Atlas of Procedures in Neonatology, 4th Edition

Miscellaneous Sampling

21

Tibial Bone Marrow Biopsy

Martha C. Sola-Visner

Lisa M. Rimsza

Robert D. Christensen

  1. Purpose
  2. To obtain a bone marrow clot sample for histologic evaluation of the following1
  3. Bone marrow cellularity
  4. Relative abundance of myeloid, erythroid, lymphoid, and megakaryocytic lineages, using specific immunohistochemical stains on multiple cuts if necessary
  5. Maturation and morphology of cells of all lineages
  6. Presence of infiltrative nonmalignant diseases
  7. Presence of infiltrative malignant diseases (hematologic and nonhematologic)
  8. Presence of granulomas or infectious organisms
  9. To obtain emergent cytogenetic studies
  10. Indications
  11. Evaluation of hematologic disorders (1,2,3,4,5,6)
  12. Suspected neonatal aplastic anemia (pancytopenia)
  13. Suspected leukemia, when blood studies are insufficient to confirm the diagnosis
  14. Neutropenia of unclear etiology, which is severe (absolute neutrophil count <500/mL) and persists for more than 1 week
  15. Severe neutropenia (<500/mL), which is unresponsive to 3 days of treatment with recombinant granulocyte colony-stimulating factor
  16. Neutropenia of unclear etiology, which is moderately severe (500 to 999/mL) and persists for more than 2 weeks
  17. Thrombocytopenia of unclear etiology, which is severe (platelets <50,000/mL) and persists for more than 1 week
  18. Evaluation of suspected metabolic storage disease (e.g., Niemann-Pick disease) (2)
  19. Evaluation of suspected hemophagocytic syndrome or familial hemophagocytic lymphohistiocytosis (7,8)
  20. Detection of infiltrating tumor cells (9,10,11,12) or of congenital systemic Langerhans' cell histiocytosis (13)
  21. Certain cultures, e.g., in disseminated tuberculosis or fungal disease (14)
  22. Cytogenetic studies, for chromosomal analysis (even after transfusion of donor blood) within 3 to 4 hours (15)
  23. Contraindications
  24. Sampling from the sternum is not recommended because of danger of damage to intrathoracic and mediastinal organs (2,16).
  25. Sampling from the anterior iliac crest is not recommended, particularly in the smallest preterm infants, owing to the proximity to intra-abdominal organs.
  26. Risks/benefits should be considered carefully in the presence of coagulopathy or when administering anticoagulants or thrombolytics.
  27. Risks/benefits should be carefully considered in preterm infants with severe osteopenia of prematurity (17).
  28. Limitations
  29. In very small preterm infants, the tibial bone marrow biopsy technique sometimes yields no marrow or a very hemodilute sample, mostly because of the small size of the marrow compartment within the tibia.
  30. Equipment

Sterile

  1. Surgical gloves
  2. Cup with antiseptic solution
  3. Gauze squares
  4. Sterile drapes
  5. 1% lidocaine without epinephrine in 1-mL syringe, with 27-gauge needle

P.122

  1. 19-gauge, ½-in Osgood bone marrow needle (Popper and Sons, New Hyde Park, NY, USA) (Fig. 21.1)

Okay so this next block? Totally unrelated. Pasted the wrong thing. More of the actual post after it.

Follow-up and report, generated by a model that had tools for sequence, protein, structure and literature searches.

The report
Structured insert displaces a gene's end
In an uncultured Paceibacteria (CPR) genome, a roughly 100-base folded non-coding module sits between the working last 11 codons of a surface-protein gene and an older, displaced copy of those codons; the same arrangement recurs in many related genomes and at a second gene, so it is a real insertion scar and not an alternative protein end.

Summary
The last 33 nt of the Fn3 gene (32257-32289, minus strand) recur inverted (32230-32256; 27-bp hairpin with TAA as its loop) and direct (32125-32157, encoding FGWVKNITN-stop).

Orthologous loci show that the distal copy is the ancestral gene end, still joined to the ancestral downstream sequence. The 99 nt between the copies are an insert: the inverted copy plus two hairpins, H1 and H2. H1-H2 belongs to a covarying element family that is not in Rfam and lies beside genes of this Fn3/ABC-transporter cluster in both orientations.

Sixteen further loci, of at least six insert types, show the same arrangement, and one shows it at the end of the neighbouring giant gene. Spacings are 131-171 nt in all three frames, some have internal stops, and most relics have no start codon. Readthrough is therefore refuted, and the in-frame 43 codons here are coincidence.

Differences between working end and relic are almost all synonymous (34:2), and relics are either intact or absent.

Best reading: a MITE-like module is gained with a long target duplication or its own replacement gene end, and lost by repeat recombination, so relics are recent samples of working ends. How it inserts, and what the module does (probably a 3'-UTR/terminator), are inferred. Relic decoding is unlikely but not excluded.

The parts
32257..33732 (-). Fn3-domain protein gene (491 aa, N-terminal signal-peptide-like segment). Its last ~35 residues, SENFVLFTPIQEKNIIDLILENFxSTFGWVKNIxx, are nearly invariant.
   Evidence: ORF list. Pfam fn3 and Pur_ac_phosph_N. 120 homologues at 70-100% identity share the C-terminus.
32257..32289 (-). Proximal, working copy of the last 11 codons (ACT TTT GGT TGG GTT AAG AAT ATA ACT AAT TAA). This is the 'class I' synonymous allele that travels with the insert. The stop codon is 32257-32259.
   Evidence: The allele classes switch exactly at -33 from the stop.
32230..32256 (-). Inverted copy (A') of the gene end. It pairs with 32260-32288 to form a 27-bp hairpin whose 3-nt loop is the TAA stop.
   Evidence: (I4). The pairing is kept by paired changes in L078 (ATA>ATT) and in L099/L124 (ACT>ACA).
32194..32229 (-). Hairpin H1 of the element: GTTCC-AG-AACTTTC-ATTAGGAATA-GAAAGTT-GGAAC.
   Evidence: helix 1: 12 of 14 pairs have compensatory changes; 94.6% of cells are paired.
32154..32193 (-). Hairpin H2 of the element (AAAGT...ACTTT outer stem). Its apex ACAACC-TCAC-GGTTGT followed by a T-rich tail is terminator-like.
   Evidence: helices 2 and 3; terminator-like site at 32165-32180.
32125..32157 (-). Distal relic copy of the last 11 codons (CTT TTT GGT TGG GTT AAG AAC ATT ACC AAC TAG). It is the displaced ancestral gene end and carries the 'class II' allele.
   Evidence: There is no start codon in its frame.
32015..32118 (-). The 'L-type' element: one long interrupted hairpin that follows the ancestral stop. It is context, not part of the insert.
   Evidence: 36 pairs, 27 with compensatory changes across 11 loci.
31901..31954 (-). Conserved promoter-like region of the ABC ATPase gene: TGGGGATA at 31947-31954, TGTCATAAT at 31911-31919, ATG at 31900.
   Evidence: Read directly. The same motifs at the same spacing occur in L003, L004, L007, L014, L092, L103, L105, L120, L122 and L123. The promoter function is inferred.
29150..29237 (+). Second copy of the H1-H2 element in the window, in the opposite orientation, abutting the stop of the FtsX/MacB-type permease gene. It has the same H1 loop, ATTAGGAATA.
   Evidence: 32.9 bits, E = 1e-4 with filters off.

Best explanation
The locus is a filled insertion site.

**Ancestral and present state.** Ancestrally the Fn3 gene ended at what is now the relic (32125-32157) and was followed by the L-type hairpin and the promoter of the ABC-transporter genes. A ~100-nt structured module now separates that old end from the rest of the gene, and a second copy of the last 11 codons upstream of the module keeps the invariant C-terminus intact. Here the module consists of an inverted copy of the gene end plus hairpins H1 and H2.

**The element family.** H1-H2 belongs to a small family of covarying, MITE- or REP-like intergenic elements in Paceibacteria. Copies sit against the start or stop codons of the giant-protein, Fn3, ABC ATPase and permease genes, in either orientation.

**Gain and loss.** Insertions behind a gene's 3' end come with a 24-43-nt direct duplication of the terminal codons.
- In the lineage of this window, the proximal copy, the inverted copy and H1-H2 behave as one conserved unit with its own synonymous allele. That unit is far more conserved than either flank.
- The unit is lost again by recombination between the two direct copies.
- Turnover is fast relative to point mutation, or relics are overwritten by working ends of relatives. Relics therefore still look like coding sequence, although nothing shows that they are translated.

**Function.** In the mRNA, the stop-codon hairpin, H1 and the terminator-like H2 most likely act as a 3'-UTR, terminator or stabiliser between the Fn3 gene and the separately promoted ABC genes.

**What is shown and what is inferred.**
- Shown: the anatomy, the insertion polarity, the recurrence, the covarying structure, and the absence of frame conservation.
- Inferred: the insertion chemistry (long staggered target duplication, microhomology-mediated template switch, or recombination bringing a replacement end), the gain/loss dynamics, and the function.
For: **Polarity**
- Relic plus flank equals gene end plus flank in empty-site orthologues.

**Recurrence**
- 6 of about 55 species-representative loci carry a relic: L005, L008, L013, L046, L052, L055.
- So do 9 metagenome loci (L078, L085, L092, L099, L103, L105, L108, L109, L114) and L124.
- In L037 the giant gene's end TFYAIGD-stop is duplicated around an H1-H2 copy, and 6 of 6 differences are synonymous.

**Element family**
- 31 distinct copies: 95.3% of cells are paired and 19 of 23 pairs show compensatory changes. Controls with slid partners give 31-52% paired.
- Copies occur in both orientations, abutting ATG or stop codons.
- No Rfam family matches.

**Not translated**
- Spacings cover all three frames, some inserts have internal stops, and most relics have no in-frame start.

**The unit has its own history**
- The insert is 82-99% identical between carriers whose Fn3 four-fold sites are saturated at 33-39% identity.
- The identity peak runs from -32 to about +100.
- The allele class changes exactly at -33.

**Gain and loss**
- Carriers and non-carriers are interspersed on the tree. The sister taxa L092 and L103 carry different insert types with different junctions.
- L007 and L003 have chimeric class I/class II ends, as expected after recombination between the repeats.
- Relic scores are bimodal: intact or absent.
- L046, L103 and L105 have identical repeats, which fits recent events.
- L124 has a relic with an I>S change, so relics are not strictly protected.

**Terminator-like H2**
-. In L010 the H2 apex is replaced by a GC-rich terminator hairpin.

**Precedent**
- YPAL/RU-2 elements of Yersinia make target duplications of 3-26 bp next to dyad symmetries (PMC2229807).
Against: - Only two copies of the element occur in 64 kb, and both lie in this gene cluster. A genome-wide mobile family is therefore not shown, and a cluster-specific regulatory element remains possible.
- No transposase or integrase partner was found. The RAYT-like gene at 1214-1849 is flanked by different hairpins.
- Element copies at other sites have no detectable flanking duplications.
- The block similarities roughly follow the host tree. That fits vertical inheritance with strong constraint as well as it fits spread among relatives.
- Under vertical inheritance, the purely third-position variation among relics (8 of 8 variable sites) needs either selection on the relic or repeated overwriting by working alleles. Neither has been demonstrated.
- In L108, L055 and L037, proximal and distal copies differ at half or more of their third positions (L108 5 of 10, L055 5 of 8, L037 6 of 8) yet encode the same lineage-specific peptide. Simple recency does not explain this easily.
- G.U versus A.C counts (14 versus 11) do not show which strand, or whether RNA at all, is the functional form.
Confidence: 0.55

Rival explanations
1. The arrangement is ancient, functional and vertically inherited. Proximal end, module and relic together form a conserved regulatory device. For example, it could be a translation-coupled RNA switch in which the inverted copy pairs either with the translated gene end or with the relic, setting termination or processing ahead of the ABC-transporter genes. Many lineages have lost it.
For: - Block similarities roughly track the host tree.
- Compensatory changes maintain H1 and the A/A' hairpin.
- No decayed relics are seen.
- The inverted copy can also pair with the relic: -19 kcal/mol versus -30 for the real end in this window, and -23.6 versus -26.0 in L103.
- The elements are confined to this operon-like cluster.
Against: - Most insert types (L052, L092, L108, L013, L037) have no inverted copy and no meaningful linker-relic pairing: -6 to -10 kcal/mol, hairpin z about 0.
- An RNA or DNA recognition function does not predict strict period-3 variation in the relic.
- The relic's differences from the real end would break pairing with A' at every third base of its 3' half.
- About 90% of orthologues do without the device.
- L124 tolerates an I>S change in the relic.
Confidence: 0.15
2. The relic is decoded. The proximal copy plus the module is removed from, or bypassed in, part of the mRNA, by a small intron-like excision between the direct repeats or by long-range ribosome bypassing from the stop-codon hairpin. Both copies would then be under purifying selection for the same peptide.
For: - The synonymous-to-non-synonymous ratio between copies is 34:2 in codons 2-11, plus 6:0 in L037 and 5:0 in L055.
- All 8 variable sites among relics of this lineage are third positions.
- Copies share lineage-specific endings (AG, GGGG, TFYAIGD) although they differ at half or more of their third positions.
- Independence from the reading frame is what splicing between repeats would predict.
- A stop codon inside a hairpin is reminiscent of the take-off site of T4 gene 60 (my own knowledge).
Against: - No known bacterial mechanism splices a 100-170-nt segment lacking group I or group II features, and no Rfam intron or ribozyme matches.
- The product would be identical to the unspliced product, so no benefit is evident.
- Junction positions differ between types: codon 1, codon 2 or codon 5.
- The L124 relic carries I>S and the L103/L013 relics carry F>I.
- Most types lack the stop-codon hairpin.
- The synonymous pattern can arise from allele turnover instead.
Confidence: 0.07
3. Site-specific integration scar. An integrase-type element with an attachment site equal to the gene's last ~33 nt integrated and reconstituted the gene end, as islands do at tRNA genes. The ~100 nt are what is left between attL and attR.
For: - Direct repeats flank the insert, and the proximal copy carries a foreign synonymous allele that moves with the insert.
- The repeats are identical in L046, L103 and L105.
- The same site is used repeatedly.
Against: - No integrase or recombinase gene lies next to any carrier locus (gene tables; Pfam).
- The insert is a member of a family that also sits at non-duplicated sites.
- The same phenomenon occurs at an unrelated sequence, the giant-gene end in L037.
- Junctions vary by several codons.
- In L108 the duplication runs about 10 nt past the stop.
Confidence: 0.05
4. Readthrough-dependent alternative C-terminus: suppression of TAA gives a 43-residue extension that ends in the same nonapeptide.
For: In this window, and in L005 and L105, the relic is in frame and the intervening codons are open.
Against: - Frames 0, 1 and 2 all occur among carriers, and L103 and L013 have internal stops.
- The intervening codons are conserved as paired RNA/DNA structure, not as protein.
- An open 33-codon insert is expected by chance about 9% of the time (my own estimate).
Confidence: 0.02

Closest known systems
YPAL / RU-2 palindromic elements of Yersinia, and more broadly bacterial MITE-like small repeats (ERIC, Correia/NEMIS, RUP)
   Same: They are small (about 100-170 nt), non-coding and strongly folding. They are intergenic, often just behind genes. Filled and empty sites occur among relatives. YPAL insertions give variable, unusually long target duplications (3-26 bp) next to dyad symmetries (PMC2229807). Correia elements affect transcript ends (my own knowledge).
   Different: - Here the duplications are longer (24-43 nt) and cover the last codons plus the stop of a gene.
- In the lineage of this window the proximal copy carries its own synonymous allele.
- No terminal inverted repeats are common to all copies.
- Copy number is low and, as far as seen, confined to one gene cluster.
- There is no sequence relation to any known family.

2. 3-mL syringe without Luer-Lok

Nonsterile

  1. Cup containing fixative
  2. 1- to 2-in needle to aid in removal of clot from the syringe
 

FIG. 21.1. View of the 19-gauge, ½-in Osgood bone marrow needle. The trocar must be completely inserted in the Osgood needle prior to the procedure.

  1. Precautions
  2. Correct coagulopathy as far as possible prior to procedure.
  3. Use a total of 0.2 to 0.4 mL of lidocaine. Aspirate before injection to avoid intravascular injection.
  4. Stabilize the leg in your hand, between your thumb and forefinger. To avoid bone fracture, be sure to apply counterpressure with your palm directly opposite the site of penetration.
  5. Be aware that less pressure is required to insert the bone marrow needle in neonates (particularly in very low-birthweight infants) than in older children.
  6. Be careful to enter the bone 1 to 2 cm below the tibial tuberosity, to minimize the risk of injuring the growth plate.
  7. After the procedure, apply adequate pressure to control bleeding.
  8. Special Circumstances
  9. In cases of suspected osteopetrosis, obtaining an iliac crest bone/bone marrow biopsy is preferable, because it allows quantification of osteoclasts and evaluation of marrow and bony changes consistent with osteopetrosis. In these cases, the tibial bone marrow biopsy technique usually yields only blood or no sample.
  10. Technique
  11. Place the infant in the supine position.
  12. Use the triangular area at the proximal end of the medial (flat) surface of the tibia, approximately 1 to 2 cm distal to the tibial tuberosity (18).
  13. Prepare and drape as for a major procedure (see Chapter 4).
  14. Infiltrate subcutaneous tissue with lidocaine as the needle is slowly advanced. Inject further small volume when the needle reaches the bone, making sure that the tip of the needle is inserted into the bone for subperiosteal injection.
  15. Remove the needle and wait 2 to 3 minutes.
  16. Use your nondominant hand to firmly stabilize the leg, providing support with your palm directly oppositethe site of marrow puncture. This hand cannot be reintroduced into the sterile field.
  17. Make sure that the trocar is completely inserted in the Osgood needle.
  18. Hold the needle between the thumb and forefinger of your dominant hand.
  19. Introduce the needle at a 90-degree angle, and advance it into the marrow cavity with a slow, twisting motion (Fig. 21.2).
  20. Continue to advance the needle until it is firmly fixed in bone (does not move when touched) (Fig. 21.3).

P.123

 

  1. Remove the trocar from the needle and advance the hollow needle an additional 2 to 3 mm into the marrow space (this trephinates marrow spicules into the needle).
  2. Attach a 3-mL syringe (without a Luer-Lok) firmly to the needle.
  3. Withdraw the plunger forcefully until a small drop of marrow (<0.05 mL) appears in the syringe hub. Suction should be stopped as soon as the smallest amount of marrow is obtained, because excessive suction will dilute the sample with peripheral blood.